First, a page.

import os
os.rename( aFile, aFile+"~" )
  • 1
    Looks good. Wondering if .readlines() is better than iterating the source?
    – bozdoz
    Apr 10 '13 at 15:48
  • 2
    @bozdoz: iterating is better since readlines reads the whole file. Not good for big files. Of course, this presumes that you can do your modifications in such a localized way. Sometimes you can't, or your code gets a lot more complicated. Jun 22 '13 at 11:20
  • @S.Lott: os.rename(aFile, aFile + "~") will modify the name of the source file, not creating a copy.
    – Patapoom
    Mar 12 '20 at 9:39

Python's mmap module will allow you to insert into a file. The following sample shows how it can be done in Unix (Windows mmap may be different). Note that this does not handle all error conditions and you might corrupt or lose the original file. Also, this won't handle unicode strings.

import os
from mmap import mmap

def insert(filename, str, pos):
    if len(str) < 1:
        # nothing to insert

    f = open(filename, 'r+')
    m = mmap(f.fileno(), os.path.getsize(filename))
    origSize = m.size()

    # or this could be an error
    if pos > origSize:
        pos = origSize
    elif pos < 0:
        pos = 0

    m.resize(origSize + len(str))
    m[pos+len(str):] = m[pos:origSize]
    m[pos:pos+len(str)] = str

It is also possible to do this without mmap with files opened in 'r+' mode, but it is less convenient and less efficient as you'd have to read and temporarily store the contents of the file from the insertion position to EOF - which might be huge.


As mentioned by Adam you have to take your system limitations into consideration before you can decide on approach whether you have enough memory to read it all into memory replace parts of it and re-write it.

If you're dealing with a small file or have no memory issues this might help:

Option 1) Read entire file into memory, do a regex substitution on the entire or part of the line and replace it with that line plus the extra line. You will need to make sure that the 'middle line' is unique in the file or if you have timestamps on each line this should be pretty reliable.

# open file with r+b (allow write and binary mode)
f = open("file.log", 'r+b')   
# read entire content of file into memory
f_content = f.read()
# basically match middle line and replace it with itself and the extra line
f_content = re.sub(r'(middle line)', r'\1\nnew line', f_content)
# return pointer to top of file so we can re-write the content with replaced string
# clear file content 
# re-write the content with the updated content
# close file

Option 2) Figure out middle line, and replace it with that line plus the extra line.

# open file with r+b (allow write and binary mode)
f = open("file.log" , 'r+b')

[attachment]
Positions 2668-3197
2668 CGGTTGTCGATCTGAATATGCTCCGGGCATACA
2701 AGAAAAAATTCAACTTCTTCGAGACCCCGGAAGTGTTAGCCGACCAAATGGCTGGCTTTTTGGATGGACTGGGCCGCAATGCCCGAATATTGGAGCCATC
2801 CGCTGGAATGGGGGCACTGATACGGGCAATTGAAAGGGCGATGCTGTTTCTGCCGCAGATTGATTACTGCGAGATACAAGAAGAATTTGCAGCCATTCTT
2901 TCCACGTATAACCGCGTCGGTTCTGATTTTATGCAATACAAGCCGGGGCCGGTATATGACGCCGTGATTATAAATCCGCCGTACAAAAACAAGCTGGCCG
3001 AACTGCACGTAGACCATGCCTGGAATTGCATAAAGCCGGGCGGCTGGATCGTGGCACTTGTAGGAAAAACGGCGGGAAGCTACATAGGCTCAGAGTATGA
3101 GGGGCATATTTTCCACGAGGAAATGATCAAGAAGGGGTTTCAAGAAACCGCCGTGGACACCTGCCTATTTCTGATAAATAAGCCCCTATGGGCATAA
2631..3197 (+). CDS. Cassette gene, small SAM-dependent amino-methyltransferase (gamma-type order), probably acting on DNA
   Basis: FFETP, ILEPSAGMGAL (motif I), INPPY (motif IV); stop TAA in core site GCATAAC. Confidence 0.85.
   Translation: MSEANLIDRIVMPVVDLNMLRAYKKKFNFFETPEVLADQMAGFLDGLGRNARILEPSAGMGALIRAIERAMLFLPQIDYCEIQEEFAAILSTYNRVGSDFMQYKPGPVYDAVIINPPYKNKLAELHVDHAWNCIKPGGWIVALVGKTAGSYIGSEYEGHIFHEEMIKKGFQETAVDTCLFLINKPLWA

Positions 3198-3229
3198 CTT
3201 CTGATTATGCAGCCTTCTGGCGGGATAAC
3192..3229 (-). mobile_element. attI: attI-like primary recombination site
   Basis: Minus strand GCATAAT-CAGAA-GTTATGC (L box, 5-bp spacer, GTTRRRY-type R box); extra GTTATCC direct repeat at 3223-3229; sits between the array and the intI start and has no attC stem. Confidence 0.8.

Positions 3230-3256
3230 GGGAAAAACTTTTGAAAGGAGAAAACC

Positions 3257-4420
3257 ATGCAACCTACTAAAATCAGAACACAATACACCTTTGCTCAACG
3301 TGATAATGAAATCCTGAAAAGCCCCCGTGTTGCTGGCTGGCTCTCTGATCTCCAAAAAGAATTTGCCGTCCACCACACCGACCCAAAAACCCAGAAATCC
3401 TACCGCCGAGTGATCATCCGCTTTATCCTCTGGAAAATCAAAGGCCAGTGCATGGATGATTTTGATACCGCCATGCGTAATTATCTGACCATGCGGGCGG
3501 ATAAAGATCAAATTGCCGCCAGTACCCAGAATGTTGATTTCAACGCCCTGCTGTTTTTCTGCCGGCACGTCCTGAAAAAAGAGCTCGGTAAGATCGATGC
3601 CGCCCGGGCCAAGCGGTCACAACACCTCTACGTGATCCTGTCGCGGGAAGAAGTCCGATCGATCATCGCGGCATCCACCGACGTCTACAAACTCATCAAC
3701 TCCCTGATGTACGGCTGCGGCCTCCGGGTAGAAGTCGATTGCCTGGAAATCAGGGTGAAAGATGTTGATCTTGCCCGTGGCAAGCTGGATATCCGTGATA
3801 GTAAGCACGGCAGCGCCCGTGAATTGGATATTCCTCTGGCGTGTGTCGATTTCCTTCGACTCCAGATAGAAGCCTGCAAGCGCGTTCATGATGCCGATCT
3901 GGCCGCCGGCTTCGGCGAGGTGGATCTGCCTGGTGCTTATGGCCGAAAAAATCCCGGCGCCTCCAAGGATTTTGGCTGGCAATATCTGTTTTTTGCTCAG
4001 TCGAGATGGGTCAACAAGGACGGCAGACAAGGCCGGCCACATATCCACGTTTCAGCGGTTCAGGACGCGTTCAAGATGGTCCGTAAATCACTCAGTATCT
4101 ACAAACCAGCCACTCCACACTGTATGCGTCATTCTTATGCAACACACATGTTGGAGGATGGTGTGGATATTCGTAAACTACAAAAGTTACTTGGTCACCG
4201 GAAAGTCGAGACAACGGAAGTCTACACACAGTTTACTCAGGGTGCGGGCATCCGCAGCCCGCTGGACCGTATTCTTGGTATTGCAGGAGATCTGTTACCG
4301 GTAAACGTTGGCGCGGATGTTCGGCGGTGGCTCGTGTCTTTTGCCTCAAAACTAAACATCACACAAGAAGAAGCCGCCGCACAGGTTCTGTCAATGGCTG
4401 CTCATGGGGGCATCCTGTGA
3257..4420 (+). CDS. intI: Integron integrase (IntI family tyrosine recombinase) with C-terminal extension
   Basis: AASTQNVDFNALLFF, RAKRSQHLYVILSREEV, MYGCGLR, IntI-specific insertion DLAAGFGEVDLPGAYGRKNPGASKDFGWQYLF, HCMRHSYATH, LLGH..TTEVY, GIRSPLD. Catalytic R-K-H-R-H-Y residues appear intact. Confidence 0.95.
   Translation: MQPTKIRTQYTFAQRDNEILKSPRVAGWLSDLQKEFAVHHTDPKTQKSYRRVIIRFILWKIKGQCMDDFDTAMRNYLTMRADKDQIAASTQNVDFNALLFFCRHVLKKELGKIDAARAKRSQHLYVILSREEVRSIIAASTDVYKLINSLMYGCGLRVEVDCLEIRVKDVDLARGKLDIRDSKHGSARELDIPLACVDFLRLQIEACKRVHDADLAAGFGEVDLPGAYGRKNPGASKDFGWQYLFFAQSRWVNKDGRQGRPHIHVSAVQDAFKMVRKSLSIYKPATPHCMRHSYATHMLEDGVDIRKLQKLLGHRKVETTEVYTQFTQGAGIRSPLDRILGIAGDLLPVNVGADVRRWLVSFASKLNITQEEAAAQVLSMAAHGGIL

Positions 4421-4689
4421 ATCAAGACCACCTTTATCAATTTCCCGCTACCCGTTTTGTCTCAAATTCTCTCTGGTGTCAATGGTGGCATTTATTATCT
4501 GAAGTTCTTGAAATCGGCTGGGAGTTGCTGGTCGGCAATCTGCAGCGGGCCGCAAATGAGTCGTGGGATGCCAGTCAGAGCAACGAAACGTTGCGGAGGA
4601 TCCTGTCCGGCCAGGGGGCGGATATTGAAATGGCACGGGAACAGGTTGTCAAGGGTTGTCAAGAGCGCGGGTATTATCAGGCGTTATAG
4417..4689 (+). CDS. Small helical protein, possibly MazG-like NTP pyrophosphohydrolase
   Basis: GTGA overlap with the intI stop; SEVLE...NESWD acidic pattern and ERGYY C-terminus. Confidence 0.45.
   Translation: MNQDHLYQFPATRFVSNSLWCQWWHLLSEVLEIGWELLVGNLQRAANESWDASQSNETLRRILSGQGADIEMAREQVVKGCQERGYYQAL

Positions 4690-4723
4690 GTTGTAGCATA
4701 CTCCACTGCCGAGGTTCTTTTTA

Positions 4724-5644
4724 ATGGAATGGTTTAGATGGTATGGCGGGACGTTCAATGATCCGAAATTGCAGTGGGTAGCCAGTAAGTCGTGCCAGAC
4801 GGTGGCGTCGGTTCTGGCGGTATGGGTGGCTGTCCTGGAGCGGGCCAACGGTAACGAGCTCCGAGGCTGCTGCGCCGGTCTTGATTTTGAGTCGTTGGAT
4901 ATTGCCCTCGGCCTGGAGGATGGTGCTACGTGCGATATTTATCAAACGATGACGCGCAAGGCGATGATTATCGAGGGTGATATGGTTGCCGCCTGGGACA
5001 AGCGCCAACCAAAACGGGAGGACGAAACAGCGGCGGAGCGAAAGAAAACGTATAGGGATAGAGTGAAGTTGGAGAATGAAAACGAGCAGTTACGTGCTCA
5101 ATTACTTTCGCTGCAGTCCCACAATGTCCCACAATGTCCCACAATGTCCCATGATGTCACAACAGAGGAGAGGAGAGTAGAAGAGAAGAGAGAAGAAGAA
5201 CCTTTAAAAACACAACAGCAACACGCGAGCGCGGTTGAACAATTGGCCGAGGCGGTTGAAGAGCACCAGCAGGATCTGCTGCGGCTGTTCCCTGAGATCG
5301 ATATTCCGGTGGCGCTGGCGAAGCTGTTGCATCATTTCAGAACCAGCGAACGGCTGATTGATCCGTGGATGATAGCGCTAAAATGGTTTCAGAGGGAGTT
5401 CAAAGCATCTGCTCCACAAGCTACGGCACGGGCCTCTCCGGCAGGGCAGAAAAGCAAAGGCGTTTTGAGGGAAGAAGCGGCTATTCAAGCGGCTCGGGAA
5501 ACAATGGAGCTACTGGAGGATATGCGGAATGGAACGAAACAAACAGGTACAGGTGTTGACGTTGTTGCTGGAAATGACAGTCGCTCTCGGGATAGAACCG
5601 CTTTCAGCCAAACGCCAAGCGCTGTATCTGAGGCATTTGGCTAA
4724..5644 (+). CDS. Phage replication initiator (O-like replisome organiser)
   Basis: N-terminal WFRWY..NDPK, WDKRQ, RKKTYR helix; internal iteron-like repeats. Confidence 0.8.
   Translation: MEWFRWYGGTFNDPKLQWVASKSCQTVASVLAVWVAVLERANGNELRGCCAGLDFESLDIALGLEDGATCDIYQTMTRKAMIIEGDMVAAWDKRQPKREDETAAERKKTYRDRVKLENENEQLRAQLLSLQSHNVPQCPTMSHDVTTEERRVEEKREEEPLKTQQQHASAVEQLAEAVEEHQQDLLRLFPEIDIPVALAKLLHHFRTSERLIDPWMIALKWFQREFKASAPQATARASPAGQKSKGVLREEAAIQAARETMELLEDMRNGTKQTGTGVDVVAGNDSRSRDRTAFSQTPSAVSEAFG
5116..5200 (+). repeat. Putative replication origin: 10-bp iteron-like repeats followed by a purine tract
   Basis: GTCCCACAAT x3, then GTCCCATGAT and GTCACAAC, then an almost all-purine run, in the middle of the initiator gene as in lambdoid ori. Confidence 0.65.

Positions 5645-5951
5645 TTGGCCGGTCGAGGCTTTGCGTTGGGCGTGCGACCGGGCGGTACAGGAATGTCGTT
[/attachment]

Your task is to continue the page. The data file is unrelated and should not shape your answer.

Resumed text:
# get array of lines
f_content = f.readlines()
# get middle line
middle_line = len(f_content)/2
# overwrite middle line
f_content[middle_line] += "\nnew line"
# return pointer to top of file so we can re-write the content with replaced string
# clear file content 
# re-write the content with the updated content
# close file

Wrote a small class for doing this cleanly.

import tempfile

class FileModifierError(Exception):

class FileModifier(object):

    def __init__(self, fname):
        self.__write_dict = {}
        self.__filename = fname
        self.__tempfile = tempfile.TemporaryFile()
        with open(fname, 'rb') as fp:
            for line in fp:

    def write(self, s, line_number = 'END'):
        if line_number != 'END' and not isinstance(line_number, (int, float)):
            raise FileModifierError("Line number %s is not a valid number" % line_number)
        except KeyError:
            self.__write_dict[line_number] = [s]

    def writeline(self, s, line_number = 'END'):
        self.write('%s\n' % s, line_number)

    def writelines(self, s, line_number = 'END'):
        for ln in s:
            self.writeline(s, line_number)

    def __popline(self, index, fp):
            ilines = self.__write_dict.pop(index)
            for line in ilines:
        except KeyError:

    def close(self):
        self.__exit__(None, None, None)

    def __enter__(self):
        return self

    def __exit__(self, type, value, traceback):
        with open(self.__filename,'w') as fp:
            for index, line in enumerate(self.__tempfile.readlines()):
                self.__popline(index, fp)
            for index in sorted(self.__write_dict):
                for line in self.__write_dict[index]:

Then you can use it this way:

with FileModifier(filename) as fp:
    fp.writeline("String 1", 0)
    fp.writeline("String 2", 20)
    fp.writeline("String 3")  # To write at the end of the file
  • This doesn't work for me personally, it does add text to the file but it removes everything first! Jan 12 '19 at 19:47
  • Indeed, this doesn't work at all. Shame, because it seemed like a good idea. Jun 14 '19 at 9:39

If you know some unix you could try the following:

Notes: $ means the command prompt

Say you have a file my_data.txt with content as such:

$ cat my_data.txt
This is a data file
with all of my data in it.

Then using the os module you can use the usual sed commands

import os

# Identifiers used are:
my_data_file = "my_data.txt"
command = "sed -i 's/all/none/' my_data.txt"

# Execute the command

If you aren't aware of sed, check it out, it is extremely useful.

  • 3
    It's not Pythonic at all
    – DarkSuniuM
    May 27 '19 at 1:02